The Top Thinkers of Beyond the Rhetoric

It’s official. Summer is here and many of us will be spending more time at parks, on patios and in backyards, enjoying the sunshine and good company. For better or for worse, you can also bring the Internet along with you and that’s why I’m glad that you’re still here reading Beyond the Rhetoric and leaving your thoughts through the comment form. In today’s post, we recognize the readers who posted the greatest number of comments in June.

The list of top thinkers for June is actually quite different from the top thinkers of May, though there are some familiar faces here. Let’s get down to it.

Sitting at the top once again is our dear friend Ray Ebersole. He’s been a very busy guy, finishing up his college degree and working at multiple jobs, so it’s perfectly understandable that his Education and Technology blog hasn’t been updated in a while. It’s great that he’s still able to find the time to comment here and I very much appreciate his input.

You might remember when Betshopboy shared some of his photos from his family vacation in Taiwan a little while back. He has since followed up with another post highlighting the grasslands and alps of Taiwan. Given that most of us think only of the big city of Taipei when we think about Taiwan, it’s nice getting a completely different perspective by visiting the Green Green Grasslands of Cing Jing Veterans farm. And yes, it’s a working farm, complete with herds of free ranging sheep. They have pony rides too.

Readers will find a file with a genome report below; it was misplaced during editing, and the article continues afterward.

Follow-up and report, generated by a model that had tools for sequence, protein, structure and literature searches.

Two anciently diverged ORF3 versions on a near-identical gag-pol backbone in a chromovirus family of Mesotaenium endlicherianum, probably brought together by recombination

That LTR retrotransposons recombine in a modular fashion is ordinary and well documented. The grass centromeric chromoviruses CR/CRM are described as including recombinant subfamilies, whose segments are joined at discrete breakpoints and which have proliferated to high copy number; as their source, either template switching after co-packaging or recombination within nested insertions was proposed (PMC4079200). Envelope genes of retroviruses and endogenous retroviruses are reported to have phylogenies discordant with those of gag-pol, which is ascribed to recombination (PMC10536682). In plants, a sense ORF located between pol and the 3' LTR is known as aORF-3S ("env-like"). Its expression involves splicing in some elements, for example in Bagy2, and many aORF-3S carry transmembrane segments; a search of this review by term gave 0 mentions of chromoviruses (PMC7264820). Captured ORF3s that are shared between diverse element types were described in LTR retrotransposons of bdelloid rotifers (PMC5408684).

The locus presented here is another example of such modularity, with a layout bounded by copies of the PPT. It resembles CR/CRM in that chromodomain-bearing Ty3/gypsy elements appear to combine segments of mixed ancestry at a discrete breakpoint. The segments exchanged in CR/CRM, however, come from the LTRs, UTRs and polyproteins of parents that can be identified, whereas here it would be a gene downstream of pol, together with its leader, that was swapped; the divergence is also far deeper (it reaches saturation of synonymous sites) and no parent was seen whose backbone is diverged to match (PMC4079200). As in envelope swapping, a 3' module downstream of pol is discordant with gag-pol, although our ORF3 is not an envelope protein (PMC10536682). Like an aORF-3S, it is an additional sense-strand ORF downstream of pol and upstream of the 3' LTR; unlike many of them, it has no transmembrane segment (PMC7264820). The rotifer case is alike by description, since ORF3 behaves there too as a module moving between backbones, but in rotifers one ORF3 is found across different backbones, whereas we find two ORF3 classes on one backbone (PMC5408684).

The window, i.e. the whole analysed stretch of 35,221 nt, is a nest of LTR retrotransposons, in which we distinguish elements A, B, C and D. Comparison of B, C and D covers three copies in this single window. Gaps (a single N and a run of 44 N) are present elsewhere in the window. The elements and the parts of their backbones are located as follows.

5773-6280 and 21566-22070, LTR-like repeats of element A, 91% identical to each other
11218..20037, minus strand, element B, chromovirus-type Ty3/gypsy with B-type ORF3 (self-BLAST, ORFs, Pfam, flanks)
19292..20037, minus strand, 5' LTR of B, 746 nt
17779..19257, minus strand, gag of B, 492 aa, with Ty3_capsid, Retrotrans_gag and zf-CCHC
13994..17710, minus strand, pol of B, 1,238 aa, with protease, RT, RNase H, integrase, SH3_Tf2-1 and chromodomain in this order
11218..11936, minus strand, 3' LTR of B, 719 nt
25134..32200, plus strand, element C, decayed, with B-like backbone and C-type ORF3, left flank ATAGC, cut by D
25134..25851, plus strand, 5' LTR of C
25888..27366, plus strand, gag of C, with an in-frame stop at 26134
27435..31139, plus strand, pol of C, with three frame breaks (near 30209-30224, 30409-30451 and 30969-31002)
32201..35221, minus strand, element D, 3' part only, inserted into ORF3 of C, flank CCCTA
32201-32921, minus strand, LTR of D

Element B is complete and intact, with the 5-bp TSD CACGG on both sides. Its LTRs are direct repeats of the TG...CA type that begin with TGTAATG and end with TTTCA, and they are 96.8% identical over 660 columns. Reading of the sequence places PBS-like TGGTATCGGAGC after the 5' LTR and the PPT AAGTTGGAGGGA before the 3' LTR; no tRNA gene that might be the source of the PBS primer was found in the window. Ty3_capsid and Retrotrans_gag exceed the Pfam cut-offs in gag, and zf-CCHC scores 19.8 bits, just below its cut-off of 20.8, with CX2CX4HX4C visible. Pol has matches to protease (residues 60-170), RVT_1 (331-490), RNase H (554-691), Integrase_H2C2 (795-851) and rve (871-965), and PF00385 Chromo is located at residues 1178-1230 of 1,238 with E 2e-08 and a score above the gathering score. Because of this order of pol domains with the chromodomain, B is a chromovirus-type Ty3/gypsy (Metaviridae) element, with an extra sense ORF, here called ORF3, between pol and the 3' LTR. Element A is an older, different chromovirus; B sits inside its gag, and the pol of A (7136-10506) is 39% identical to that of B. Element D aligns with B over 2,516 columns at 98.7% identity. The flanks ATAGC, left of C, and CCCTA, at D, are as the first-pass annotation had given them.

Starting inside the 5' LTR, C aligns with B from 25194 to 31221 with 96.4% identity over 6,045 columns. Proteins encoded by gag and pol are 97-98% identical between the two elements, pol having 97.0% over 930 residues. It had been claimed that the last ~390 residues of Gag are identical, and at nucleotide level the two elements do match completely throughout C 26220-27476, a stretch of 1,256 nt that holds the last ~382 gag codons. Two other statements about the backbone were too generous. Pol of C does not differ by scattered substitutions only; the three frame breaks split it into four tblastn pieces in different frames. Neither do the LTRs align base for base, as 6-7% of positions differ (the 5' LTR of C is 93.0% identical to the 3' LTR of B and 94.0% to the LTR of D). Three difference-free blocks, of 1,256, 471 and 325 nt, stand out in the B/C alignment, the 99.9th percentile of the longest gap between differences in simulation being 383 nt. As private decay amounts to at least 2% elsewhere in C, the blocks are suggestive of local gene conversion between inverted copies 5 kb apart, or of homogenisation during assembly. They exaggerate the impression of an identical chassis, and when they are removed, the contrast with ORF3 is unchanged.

While most people who submit comments to Beyond the Rhetoric have websites of their own, that wasn’t the case with the third and fourth “top thinkers” for June. Well, at least they didn’t provide their URLs when they posted their comments. They are Austin Baroudi and Angela Hall, respectively.

And finally, we have AOA. Writing original content can be challenging enough, but translating text between languages while still trying to remain true to the original text can be an entirely different challenge. AOA explores this in his “Manslaughtered in translation” post, looking at specific examples from an article originally published in the Shanghai Daily. You’ll particularly appreciate this discussion if you are a polyglot yourself.